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In Kratzer’s theory, for each world w, modal base is the set of propositions p such that the speaker knows in w that p is true, e.g. f(w) = {p1, p2, p3}.

Following the standard assumption in possible worlds semantics, a proposition is taken as a set of possible worlds in Kratzer’s theory, e.g. p1 = {w1,w2,w3}, p2 = {w2,w3}, p3 = {w1,w2,w3,w4}.

I just wonder why p is composed of possible worlds? Shouldn't it be that we evaluate p's truth value in possible worlds?

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  • Is this really a linguistics question? Seems more of a philosophy question to me.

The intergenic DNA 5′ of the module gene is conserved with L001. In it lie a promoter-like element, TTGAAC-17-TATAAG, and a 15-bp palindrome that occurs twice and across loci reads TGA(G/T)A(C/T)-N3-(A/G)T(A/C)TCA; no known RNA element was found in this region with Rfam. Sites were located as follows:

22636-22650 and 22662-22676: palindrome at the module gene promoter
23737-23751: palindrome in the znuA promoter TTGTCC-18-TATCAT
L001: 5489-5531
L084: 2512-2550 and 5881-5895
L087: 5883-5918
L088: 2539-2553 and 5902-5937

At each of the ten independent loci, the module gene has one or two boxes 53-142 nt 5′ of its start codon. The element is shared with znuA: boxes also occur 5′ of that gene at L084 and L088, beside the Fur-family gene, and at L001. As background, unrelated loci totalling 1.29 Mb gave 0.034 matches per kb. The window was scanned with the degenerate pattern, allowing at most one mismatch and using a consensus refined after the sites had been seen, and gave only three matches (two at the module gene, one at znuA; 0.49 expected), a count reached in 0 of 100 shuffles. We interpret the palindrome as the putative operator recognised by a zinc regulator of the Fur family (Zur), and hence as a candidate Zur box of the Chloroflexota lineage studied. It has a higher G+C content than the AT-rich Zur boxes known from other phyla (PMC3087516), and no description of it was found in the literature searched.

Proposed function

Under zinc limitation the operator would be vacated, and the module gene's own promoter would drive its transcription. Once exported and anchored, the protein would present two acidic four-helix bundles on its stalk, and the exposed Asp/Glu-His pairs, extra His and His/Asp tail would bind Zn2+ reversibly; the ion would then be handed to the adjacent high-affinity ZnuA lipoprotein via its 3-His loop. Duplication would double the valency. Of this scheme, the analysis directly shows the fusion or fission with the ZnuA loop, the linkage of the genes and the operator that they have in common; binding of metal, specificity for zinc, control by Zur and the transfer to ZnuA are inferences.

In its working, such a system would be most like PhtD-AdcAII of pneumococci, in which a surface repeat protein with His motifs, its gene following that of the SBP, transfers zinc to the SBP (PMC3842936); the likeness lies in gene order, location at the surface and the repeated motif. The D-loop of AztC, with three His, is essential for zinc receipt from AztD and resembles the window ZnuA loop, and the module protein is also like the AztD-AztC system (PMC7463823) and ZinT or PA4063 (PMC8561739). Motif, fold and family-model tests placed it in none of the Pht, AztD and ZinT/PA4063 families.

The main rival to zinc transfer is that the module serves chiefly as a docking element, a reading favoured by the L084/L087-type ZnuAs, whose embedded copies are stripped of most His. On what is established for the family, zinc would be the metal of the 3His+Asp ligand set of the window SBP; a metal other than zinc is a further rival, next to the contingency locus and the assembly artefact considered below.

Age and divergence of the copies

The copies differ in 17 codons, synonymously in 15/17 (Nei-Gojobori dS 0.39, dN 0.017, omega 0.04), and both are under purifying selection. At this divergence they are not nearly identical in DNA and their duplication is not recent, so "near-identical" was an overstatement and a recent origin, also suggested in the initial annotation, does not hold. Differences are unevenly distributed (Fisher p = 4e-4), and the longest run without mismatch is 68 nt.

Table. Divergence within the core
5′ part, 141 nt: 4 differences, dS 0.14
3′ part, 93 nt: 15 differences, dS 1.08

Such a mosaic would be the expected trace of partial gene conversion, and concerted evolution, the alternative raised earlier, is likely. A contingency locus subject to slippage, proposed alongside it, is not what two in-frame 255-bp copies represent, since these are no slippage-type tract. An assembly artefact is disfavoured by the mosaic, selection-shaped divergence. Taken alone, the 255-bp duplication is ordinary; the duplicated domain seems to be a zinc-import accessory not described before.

– curiousdannii
    Commented Dec 11, 2020 at 15:10
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    @curiousdannii Kratzer's theory of the semantics of modals is the dominant one in linguistics. Clearly questions about it therefore are fitting for a linguistics site such as this one. Just about any formal semantics will have an overlap with philosophy. Commented Dec 11, 2020 at 18:52
  • @Araucaria-Nothereanymore. It may be dominant within formal semantics, but that is only a tiny part of linguistics. I spent quite some time studying modality and don't remember coming across it.
    – curiousdannii
    Commented Dec 11, 2020 at 23:26
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    I think your questions about Krazter should be merged
    – Alex B.
    Commented Dec 12, 2020 at 19:36
  • It's dominant in certain formal linguistic areas. It's not a syntactic theory of modality.
    – jlawler
    Commented Dec 14, 2020 at 0:43

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